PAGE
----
Mental Training and Memory Mnemonics

Photo credit: j4p4n, Creative Commons, original illustration
Photo credit: j4p4n, Creative Commons, original illustration

One of the most important functions of our minds is memory. It is the basis for everything we do in both our professional and personal lives.

A recent interview with a world-class memory champion revealed a lot about what we can do to flex our mental muscles in simple ways to keep our minds sharp.

U.S. memory champion Nelson Dellis revealed to Forbes some of his rather interesting techniques for making information stick, and the advice is gold for any new professional who seeks to make the most of their time – including not spending it looking for their keys.

The first tip is simply to be mindful.

When dropping your keys on the sofa in a rush, there is a slim chance that you actively noted your move or will think to dig through the cushions the next morning before work.

Dellis’ recommends people mark their memory by either visualizing an image or letting out a shout that alerts the mind of novel information.  The goal is to create novel stimuli and to take a moment to actually create a memory, not just an action.

Remembering names is also an exercise in deliberate thinking.

When you meet a new person, make sure you ask them to clarify pronunciation.  If the name is at all difficult to understand, ask how it is spelled and visualize the spelling as you hear it.

The act of encoding a name will make a lasting impression on your mind, much more than passively shaking a hand and not thinking twice.  Whether it’s a new colleague or your date’s boss, getting someone’s name right is part of making a good impression and creating a network.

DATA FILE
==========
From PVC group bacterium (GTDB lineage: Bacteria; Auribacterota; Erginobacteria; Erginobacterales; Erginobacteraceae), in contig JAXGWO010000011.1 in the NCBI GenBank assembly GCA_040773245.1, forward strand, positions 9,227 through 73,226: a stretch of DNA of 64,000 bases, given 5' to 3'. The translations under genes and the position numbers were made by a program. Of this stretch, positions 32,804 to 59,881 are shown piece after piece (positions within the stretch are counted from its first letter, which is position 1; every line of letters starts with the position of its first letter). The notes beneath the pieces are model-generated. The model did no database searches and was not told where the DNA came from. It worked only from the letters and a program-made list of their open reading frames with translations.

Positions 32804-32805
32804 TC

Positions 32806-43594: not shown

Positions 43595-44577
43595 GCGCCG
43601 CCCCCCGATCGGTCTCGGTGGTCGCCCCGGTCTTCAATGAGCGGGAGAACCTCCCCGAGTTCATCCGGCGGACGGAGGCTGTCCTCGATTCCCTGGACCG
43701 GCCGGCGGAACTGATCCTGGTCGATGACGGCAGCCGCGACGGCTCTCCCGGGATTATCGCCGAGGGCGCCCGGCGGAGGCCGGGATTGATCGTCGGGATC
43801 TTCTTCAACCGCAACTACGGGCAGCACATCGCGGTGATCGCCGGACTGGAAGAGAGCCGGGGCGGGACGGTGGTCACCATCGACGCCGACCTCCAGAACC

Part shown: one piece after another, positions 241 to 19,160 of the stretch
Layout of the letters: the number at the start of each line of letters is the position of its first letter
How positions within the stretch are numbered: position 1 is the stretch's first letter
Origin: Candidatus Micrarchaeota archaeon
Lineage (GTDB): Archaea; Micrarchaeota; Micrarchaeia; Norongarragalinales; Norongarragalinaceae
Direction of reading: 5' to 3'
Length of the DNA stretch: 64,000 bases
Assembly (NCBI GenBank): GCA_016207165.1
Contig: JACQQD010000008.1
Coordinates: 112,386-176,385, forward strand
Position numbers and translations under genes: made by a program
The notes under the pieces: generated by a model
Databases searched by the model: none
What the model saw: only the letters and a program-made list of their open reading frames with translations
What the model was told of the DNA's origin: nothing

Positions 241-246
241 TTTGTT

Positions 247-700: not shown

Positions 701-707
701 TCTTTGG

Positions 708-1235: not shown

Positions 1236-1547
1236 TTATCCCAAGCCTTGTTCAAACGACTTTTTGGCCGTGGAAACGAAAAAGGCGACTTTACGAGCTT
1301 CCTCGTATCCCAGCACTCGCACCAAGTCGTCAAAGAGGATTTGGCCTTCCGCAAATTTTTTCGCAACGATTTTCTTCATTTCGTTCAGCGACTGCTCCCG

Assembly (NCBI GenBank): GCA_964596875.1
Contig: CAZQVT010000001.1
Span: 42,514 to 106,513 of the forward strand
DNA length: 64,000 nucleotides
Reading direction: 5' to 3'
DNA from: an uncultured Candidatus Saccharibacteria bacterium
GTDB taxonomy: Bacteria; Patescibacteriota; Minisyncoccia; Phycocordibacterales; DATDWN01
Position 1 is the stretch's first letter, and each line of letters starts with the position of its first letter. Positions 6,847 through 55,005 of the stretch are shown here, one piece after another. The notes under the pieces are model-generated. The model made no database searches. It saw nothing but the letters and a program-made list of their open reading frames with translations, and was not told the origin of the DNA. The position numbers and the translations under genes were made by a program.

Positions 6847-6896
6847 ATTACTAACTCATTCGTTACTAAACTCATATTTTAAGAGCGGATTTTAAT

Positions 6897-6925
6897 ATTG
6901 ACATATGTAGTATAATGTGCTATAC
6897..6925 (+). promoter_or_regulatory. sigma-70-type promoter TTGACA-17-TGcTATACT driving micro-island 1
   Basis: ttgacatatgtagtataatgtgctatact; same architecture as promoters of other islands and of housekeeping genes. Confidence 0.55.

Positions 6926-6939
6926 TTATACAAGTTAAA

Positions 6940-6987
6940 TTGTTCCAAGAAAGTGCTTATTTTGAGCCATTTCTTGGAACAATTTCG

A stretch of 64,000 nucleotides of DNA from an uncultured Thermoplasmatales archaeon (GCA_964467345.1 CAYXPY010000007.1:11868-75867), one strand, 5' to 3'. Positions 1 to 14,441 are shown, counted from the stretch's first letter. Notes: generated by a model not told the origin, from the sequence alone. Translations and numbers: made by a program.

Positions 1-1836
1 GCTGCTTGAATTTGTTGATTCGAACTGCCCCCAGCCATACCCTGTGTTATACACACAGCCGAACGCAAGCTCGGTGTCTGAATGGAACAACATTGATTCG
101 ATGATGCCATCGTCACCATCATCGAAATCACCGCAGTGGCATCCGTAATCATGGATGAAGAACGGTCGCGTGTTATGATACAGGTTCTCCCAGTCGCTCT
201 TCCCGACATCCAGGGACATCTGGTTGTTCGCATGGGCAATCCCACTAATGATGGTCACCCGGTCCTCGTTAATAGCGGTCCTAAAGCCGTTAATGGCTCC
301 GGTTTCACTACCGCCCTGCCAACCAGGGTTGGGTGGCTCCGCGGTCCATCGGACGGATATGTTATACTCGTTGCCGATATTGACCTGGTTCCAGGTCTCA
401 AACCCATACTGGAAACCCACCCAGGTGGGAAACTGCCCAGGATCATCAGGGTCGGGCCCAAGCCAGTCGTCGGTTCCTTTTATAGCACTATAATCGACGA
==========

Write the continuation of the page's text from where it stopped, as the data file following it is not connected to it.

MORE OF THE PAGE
Another key element to Dellis’ memory advice is the use of images.

When dealing with complex ideas, try to imagine an image that defines a key relationship or aspect of the information.  One way to store a good image of an abstract idea is to store it within a “memory palace.”

This is one way of storing ideas without simply trying to memorize. “The problem with repetition is that you’re not saving it in any place in particular,” Dellis says.

Building a palace of memories is a way to use special recognition to create common associations with abstract ideas.

It’s like framing a picture of a great day you intimately remember; when you think of it sitting on the shelf, it becomes easy to remember everything that was part of the snapshot, and details come pouring through the little frame.

Central to all of Dellis’ advice is the practice of physical exercise and good diet.  With a bad diet and poor health, the workout mantra of use it or lose it works on a deeper level.

Without consistent exercise, the part of the brain linked with cognitive function and memory, the hippocampus, literally shrinks.

 

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